Can Obama match Abe Lincoln's gold standard?

Most inauguration speeches are dross. But a few inspire and unite the nation – and today America expects nothing less of its 44th president

Young Malia Obama at least is not getting carried away. "First African American president – it better be good," was the 10-year-old's wise comment about the address her father will deliver immediately after being sworn in to office at noon today. She picked the right spot too, during a family visit last week to the Lincoln Memorial, at the opposite end of the Washington Mall from the Capitol where Barack Obama will speak.

Abraham Lincoln is the patron saint of this inauguration, like Obama a man from Illinois, the president who liberated the slaves to whose race the soon-to-be 44th president belongs. But the setting for Malia's remark was as least as intimidating as it was inspirational. Engraved on the Memorial's inner wall, alongside the brooding statue of the great man, is his second inaugural address – 703 words long – and the gold standard against which the addresses of every President are now judged, and invariably found wanting. But if ever America needed one to match it, is is now.

This is surely the most keenly awaited inaugural speech in modern US history, perhaps ever. It will be delivered by a man renowned for his exceptional eloquence, at a moment when not just America but the world is looking for a giant pick-me-up, in the depths of the biggest economic crisis in 80 years. Its global audience probably will run into the billions, hanging on its every word.

Oddly, it is nowhere written in the constitution that an incoming president must make such a speech. But in 1789, after he became the first president to be sworn into office, George Washington decided he'd better deliver one anyway – and like most things decided by Washington it became a precedent set in stone.

In fact, those early inaugurals were above all designed to be read. They would set out the beliefs and broad political intentions of a president, and his generally ponderous reflections on the age. Only when it could not be avoided – such as with Lincoln's addresses, both overshadowed by the Civil War – did they address specific issues in detail. To this day, most of them haven't been very good, and almost none have changed history. However irrationally, this time people are expecting both from Barack Obama.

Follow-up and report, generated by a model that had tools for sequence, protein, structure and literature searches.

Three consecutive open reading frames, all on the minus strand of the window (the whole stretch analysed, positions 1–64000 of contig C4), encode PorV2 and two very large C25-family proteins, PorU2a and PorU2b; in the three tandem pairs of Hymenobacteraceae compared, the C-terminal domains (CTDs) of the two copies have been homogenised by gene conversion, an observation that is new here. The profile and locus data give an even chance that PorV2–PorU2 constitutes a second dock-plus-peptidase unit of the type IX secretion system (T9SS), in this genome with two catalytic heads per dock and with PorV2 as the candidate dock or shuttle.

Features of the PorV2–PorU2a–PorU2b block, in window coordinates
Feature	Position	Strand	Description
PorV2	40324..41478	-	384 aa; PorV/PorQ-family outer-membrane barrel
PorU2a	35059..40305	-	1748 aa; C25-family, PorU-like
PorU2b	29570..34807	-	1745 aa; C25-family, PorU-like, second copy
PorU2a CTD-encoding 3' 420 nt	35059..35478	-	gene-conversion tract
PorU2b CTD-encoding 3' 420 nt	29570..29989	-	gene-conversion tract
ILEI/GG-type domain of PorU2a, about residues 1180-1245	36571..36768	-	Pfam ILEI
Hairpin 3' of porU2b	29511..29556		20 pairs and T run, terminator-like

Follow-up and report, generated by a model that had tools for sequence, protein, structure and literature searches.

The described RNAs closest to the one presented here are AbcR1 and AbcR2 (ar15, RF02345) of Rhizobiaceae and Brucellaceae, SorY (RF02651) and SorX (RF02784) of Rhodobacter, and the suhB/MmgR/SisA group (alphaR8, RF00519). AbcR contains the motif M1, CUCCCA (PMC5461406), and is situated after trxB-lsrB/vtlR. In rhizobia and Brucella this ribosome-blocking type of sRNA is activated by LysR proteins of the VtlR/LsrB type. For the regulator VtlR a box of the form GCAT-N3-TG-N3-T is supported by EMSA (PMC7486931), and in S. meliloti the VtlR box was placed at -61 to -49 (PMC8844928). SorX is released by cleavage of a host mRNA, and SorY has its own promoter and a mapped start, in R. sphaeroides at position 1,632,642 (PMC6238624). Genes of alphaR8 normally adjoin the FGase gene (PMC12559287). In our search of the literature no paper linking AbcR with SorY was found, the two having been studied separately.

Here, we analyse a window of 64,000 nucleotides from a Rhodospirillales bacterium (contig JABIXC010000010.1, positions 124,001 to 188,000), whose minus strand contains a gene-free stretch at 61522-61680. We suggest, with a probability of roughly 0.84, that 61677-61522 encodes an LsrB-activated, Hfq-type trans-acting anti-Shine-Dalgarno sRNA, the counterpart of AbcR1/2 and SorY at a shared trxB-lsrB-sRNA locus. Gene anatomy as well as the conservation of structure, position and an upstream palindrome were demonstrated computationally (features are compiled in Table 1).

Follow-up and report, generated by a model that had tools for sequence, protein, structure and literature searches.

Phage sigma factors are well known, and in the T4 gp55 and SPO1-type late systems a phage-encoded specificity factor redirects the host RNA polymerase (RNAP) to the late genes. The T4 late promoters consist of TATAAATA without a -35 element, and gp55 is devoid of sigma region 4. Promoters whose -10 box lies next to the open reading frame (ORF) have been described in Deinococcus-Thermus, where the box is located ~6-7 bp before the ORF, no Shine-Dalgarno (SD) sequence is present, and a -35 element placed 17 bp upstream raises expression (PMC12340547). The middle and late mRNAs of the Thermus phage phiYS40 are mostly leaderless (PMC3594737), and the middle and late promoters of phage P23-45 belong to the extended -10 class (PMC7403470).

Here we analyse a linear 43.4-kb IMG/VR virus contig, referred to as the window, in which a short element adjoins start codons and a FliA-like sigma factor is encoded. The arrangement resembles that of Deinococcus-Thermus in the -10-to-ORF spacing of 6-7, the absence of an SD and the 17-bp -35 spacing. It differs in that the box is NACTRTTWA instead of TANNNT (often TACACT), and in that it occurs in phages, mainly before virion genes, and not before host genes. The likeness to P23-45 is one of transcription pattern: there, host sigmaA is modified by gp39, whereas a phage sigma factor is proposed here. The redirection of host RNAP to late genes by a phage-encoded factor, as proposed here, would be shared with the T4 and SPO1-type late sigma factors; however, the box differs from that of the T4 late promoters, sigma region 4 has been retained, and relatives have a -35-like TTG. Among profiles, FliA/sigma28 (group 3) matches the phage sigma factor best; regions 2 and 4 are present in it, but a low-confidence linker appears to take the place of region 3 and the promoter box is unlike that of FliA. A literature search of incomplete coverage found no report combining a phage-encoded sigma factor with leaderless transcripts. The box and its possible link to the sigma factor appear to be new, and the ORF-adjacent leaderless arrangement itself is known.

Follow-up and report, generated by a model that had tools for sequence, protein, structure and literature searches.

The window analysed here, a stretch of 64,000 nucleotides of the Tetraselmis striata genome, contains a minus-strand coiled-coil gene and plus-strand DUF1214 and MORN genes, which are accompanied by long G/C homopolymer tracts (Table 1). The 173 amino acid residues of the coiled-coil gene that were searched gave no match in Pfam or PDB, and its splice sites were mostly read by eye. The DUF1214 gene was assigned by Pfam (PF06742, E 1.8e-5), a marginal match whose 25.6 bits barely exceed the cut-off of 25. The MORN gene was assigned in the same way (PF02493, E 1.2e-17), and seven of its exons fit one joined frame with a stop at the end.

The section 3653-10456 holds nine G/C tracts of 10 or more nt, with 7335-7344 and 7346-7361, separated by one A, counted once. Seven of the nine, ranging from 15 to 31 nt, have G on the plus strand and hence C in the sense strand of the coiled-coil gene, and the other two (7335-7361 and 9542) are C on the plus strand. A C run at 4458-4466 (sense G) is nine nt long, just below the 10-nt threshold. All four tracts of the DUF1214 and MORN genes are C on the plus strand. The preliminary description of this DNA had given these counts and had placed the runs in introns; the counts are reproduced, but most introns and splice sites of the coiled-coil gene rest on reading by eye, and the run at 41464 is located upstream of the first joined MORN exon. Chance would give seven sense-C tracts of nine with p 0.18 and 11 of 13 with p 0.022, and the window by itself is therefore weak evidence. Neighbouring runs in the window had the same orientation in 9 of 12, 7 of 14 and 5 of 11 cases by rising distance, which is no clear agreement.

Obama's team of speechwriters, led by 27-year-old Jon Favreau, has been working on the address for more than a month. David Axelrod, Obama's chief political adviser, has been closely involved too, along with, obviously, the soon-to-be 44th president himself. It has gone through at least three drafts since Favreau began the process, jotting down ideas at his flat, and in sessions at a downtown Starbucks.

The speech will last 15 to 20 minutes, and is likely to dwell on such themes as responsibility and the country's need to return to its founding values. It will pull no punches either. "If you play it straight with them, if you explain to them ... then I have enormous confidence that the American people will rise to the challenge," Obama said in a recent interview.

There will be less of the sermonising about liberty in which George Bush indulged. In all likelihood, there will be echoes of the speech that turned Obama into a national figure: his keynote address at the 2004 Democratic convention, in which he extolled the country's diversity, but stressed that for all their differences Americans are a single people with a shared purpose.

Appeals to unity have been a stock ingredient of inaugurals: the first President Bush spoke of the "age of the offered hand," and in his second inaugural in 1997, Bill Clinton vowed that the White House and Congress should be "repairers of the breach". But these urgings had little effect. This time however is different, and Americans are in the mood to listen.

A 15-minute speech would be about par for the recent inaugural course. Predictably in a nation besotted by statistics, even inaugurals have been distilled to mere numbers. The average length of all 56 of them is 2,630 words, but of late they've been shorter, at between 1,500 and 2,000 words. The longest was that of William Henry Harrison, at 8,445 words. The shortest was George Washington's second in 1793, consisting of just 135 words. In his lone inaugural in 1797, John Adams, the second president, produced a single sentence of a mindboggling 737 words.

Warren Harding in 1921 was the first president to deliver his speech through loudspeakers. Calvin Coolidge's address in 1925 was the first broadcast by radio. That of Harry Truman in 1949 was the first to be televised, while Bill Clinton's second address in 1997 was the first to go out on the internet. A President's first inaugural address tends to be better than his second one – with Lincoln's second in 1865 being the exception. Brevity helps too; as Richard Nixon observed, "only the short ones are remembered".